Long-term functional restoration of the paralyzed hemidiaphragm in the dog

Document Type

Journal Article

Publication Date



Experimental Neurology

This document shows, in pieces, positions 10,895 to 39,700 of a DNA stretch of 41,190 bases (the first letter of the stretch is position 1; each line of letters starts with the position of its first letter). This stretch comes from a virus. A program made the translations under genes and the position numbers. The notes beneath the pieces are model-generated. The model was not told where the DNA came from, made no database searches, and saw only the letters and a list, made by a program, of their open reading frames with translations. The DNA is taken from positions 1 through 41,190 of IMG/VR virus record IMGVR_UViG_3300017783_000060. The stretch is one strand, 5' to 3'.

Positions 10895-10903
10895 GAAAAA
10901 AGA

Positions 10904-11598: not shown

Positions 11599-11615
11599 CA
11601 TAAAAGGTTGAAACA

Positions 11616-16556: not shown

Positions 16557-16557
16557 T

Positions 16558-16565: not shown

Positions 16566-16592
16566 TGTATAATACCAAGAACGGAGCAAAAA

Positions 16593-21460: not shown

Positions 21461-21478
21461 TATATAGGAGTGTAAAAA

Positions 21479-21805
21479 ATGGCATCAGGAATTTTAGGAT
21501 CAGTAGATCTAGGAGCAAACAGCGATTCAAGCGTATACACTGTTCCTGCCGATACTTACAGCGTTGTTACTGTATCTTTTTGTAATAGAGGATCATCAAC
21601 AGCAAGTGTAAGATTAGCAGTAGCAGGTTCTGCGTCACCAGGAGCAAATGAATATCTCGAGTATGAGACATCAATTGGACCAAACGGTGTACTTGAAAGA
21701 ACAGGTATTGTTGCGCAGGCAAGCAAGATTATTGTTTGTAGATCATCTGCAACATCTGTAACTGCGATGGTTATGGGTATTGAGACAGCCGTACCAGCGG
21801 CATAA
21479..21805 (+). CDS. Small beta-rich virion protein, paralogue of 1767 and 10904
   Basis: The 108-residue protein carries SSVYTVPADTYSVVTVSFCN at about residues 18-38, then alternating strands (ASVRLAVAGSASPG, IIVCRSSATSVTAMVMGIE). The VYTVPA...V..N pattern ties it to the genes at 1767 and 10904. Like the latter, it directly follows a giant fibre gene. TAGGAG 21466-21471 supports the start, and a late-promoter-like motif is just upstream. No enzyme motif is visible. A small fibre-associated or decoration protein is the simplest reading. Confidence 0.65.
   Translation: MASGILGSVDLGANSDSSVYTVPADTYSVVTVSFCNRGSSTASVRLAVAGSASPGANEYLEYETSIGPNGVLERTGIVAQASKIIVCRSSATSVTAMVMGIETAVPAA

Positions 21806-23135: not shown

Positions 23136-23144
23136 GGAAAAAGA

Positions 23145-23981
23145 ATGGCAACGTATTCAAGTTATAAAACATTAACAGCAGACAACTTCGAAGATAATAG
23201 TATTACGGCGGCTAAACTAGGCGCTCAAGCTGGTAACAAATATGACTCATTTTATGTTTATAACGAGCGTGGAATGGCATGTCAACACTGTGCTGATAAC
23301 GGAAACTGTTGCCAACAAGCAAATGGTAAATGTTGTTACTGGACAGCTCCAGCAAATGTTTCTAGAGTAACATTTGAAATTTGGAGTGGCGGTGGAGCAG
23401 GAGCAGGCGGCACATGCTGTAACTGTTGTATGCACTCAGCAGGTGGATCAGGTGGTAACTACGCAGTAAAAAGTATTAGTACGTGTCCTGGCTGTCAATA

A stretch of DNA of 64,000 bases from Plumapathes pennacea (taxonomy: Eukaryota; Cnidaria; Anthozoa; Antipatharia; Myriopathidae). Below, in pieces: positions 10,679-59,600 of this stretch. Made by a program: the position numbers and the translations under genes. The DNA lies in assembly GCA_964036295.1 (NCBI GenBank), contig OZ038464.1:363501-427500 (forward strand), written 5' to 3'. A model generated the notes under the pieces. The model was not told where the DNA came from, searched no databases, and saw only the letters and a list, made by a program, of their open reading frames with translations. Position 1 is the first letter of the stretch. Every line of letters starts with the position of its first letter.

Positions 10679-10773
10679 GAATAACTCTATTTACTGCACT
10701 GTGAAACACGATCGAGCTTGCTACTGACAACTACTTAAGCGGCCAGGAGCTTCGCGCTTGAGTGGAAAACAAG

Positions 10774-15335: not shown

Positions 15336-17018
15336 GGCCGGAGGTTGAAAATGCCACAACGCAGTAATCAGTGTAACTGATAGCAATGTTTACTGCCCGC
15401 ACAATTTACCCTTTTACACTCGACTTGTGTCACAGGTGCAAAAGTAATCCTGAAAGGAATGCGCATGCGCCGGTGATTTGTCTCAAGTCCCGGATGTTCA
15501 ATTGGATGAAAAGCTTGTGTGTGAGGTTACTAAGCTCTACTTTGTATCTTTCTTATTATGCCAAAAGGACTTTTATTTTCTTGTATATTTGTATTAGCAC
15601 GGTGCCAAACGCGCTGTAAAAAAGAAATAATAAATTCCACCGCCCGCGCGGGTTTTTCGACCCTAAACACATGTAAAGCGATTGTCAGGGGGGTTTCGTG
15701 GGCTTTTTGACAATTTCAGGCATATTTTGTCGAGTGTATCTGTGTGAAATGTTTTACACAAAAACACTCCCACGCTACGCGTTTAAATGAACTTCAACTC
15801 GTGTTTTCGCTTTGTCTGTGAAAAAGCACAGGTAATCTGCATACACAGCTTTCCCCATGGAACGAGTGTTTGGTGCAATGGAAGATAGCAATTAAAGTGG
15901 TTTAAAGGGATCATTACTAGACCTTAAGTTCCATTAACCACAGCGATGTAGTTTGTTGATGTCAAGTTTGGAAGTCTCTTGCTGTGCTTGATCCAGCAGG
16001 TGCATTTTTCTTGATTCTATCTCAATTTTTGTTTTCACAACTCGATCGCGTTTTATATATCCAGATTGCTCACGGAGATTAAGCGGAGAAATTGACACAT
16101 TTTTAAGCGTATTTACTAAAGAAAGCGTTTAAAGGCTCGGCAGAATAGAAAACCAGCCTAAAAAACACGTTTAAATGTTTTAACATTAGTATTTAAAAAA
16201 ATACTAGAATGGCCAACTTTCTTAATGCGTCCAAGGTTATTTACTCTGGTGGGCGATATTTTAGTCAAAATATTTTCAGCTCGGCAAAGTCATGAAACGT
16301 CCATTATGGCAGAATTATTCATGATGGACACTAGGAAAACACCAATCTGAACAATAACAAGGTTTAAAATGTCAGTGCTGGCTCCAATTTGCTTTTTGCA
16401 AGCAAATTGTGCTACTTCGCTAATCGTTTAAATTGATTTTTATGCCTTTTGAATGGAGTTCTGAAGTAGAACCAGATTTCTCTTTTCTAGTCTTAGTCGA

Functional restoration of the paralyzed hemidiaphragm in dogs with high cervical hemisections was achieved by chronically activating the crossed phrenic phenomenon. This phenomenon, described as a latent crossed pathway activating the contralateral phrenic motoneurons, is initiated by various manipulations which stress the respiratory system. Classically, the crossed phenomenon has been chronically activated by the complete severance of the phrenic nerve contralateral to the hemisection with resultant paralysis of the previously functioning hemidiaphragm. Experiments were designed to restore function to the paralyzed hemidiaphragm while maintaining integrity of the unaffected side. Left hemisection of the cervical spinal cord rostral to the phrenic nucleus resulted in paralysis of the ipsilateral diaphragm as evidenced by palpation, visual inspection, and EMG monitoring. Selective sectioning of the right fifth, sixth, and seventh cervical contributions to the phrenic nerve in the neck activated the left previously paralyzed hemidiaphragm. Sectioning either C5 or both C5 and C7 resulted in weak, unsustained contractions of the left paralyzed hemidiaphragm. Sectioning the right C6 contribution, however, produced strong and sustained contractions of the left hemidiaphragm without significant decrease in functional activity in the right hemidiaphragm. Functional activity of the entire diaphragm was observed for as long as 16 months. These findings may have clinical implications for patients with a paralyzed hemidiaphragm due to a high cervical cord lesion. © 1981.